Have I mentioned how much I love this book? Have I mentioned that I love how it simultaneously opens my eyes to fascinating, new information, but also reconfirms some of my most closely held philosophies and beliefs? Well, now I have.
Chapter 4 had me right out of the gate. One of my big soapbox topics is the importance of not just spoon-feeding information to kids, but helping them build connections, and essentially learn how to think about that information, not just recite it. I’ve mentioned before that one of the ways I evaluate a classroom is by the types of teacher talk that occurs there. Is the majority of teacher talk simply direction (“…put this here, write this there”), instruction (“This is why this works…”), or is it discussion (“Why do you think this works?”)? Connections are built by children, through their play and their discussion, and I strongly believe that integrating that connection-building needs to be a critical part of every classroom and every home.
I enjoyed reading all the research backing up the importance of play-based learning in this chapter. It’s true that play is how children take knowledge and build connections by applying that knowledge, exploring it, and giving it context. Particularly as this chapter addressed math and spatial skills, examples were given, pointing the powerful connections children build as they play board games, make block constructions, sort objects, and explore the properties of different objects. All of these are commonplace in a play-based classroom. I also appreciated the emphasis on how guided play can extend a child’s learning, but that the role of a guide is not that of a boss. It is to guide with questions rather than to simply take over the play and show them how it’s done.
Connections and the Brain
At one point in this chapter, I wondered why there was so much emphasis on math skills in the “making connections” chapter. Page 173 made that all clear, and was particularly fascinating to me. Many activities require different parts of the brain to work in unison, but mathematical thinking is a perfect example of how the different areas of the brain are put to work, building connections to operate in unison. Between the inferior parietal cortex of both hemispheres, the language system in the Broca area of the left hemisphere, and the occipitotemporal region in both hemispheres, a network is woven to produce mathematical operations. It’s a perfect example of why learning is more than an information in – information out process.
Creativity and the Arts
Bringing connections together with creativity was also thought-provoking. As the chapter notes in Kathy Hirsh-Pasek’s observation, today is the information age, and the “answers” are literally a click or a tap away. Because of this, in today’s world — perhaps more than at any other time — “the person who stands out is the person who can make connections among things that are known to come up with solutions and innovations not yet known or even imagined.”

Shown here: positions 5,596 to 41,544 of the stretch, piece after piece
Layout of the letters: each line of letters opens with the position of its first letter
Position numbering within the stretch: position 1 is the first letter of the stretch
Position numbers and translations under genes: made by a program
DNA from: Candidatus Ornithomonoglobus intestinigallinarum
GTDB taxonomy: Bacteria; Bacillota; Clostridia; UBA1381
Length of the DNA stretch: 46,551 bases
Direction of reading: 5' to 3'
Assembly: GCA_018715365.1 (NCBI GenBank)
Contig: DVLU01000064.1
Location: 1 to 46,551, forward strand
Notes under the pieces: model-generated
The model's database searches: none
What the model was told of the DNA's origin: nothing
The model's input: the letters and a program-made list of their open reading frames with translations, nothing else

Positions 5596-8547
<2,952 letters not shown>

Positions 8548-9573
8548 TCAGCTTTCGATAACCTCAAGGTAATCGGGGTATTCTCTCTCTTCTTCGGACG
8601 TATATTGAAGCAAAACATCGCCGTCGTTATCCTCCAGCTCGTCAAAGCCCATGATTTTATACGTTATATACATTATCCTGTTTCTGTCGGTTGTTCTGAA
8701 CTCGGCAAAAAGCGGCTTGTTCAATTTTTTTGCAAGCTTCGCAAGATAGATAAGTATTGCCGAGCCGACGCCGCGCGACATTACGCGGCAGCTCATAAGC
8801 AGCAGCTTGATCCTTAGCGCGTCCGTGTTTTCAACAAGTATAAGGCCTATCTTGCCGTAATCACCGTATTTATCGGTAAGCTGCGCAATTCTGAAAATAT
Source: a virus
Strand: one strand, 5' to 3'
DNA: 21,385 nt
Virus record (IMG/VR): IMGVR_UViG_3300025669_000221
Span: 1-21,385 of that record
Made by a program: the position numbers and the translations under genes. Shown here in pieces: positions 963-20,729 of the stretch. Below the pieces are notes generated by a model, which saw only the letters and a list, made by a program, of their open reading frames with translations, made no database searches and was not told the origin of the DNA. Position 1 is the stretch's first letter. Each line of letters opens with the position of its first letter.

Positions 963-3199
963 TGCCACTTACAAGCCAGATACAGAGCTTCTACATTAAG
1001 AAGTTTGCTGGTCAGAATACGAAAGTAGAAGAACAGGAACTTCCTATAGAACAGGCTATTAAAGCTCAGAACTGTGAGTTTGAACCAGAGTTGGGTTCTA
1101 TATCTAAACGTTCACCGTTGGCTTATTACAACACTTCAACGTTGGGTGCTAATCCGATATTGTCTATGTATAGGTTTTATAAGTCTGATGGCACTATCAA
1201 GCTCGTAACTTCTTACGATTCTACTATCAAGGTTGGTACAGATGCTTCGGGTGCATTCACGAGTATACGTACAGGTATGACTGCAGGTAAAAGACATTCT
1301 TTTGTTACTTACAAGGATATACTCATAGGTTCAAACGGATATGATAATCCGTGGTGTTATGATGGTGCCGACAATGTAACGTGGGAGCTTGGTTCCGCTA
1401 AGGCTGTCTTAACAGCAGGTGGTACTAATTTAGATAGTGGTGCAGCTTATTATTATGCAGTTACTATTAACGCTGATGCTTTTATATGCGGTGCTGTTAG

This is the skill set I think we are truly trying to cultivate in our children. Knowledge building and fact learning is important, but if we stop there we’re doing our children a huge disservice. Teaching them to be “passionately curious” is more important, in my opinion, that teaching them all the answers.
Ellen Galinsky puts forth some very interesting points as she links participation in the various arts to success, learning, and motivation outcomes. As she says on page 183, “Many people don’t know about these connections. Why else would the arts be among the first on the chopping block when school budgets face a difficult economy or pressures to increase test scores?”
I find it ironic that our schools often try to increase performance (usually for standardized tests) by decreasing connections. In fact, I was most startled when my sister relayed to me that one of her local schools, due to concerns over low reading and math scores (which happen to be the areas tested) was stripping everything else out of their curriculum and focusing solely on reading and math. It seems completely backwards.
Removing areas where skills are applied, connections are made, and interest is generated would likely do little to help scores, and more assuredly do nothing to benefit curious minds. What about kids who read because they want to know more about science? What about the math that is practiced naturally during music? I believe children will learn more when they are allowed to build meaningful connections than when they practice skills in isolation. Compartmentalizing programs and attempting to evaluate them based on their “academic merit” removes the context in which connections are built. Rather than pulling out our “non-essentials” we should be putting more emphasis on building an interconnected approach.
So that’s it for my soapbox. What did you find interesting in Chapter 4?
Join us next week for Chapter 5, and remember to be writing down the questions you’d love to ask Ellen Galinsky at the end of our review!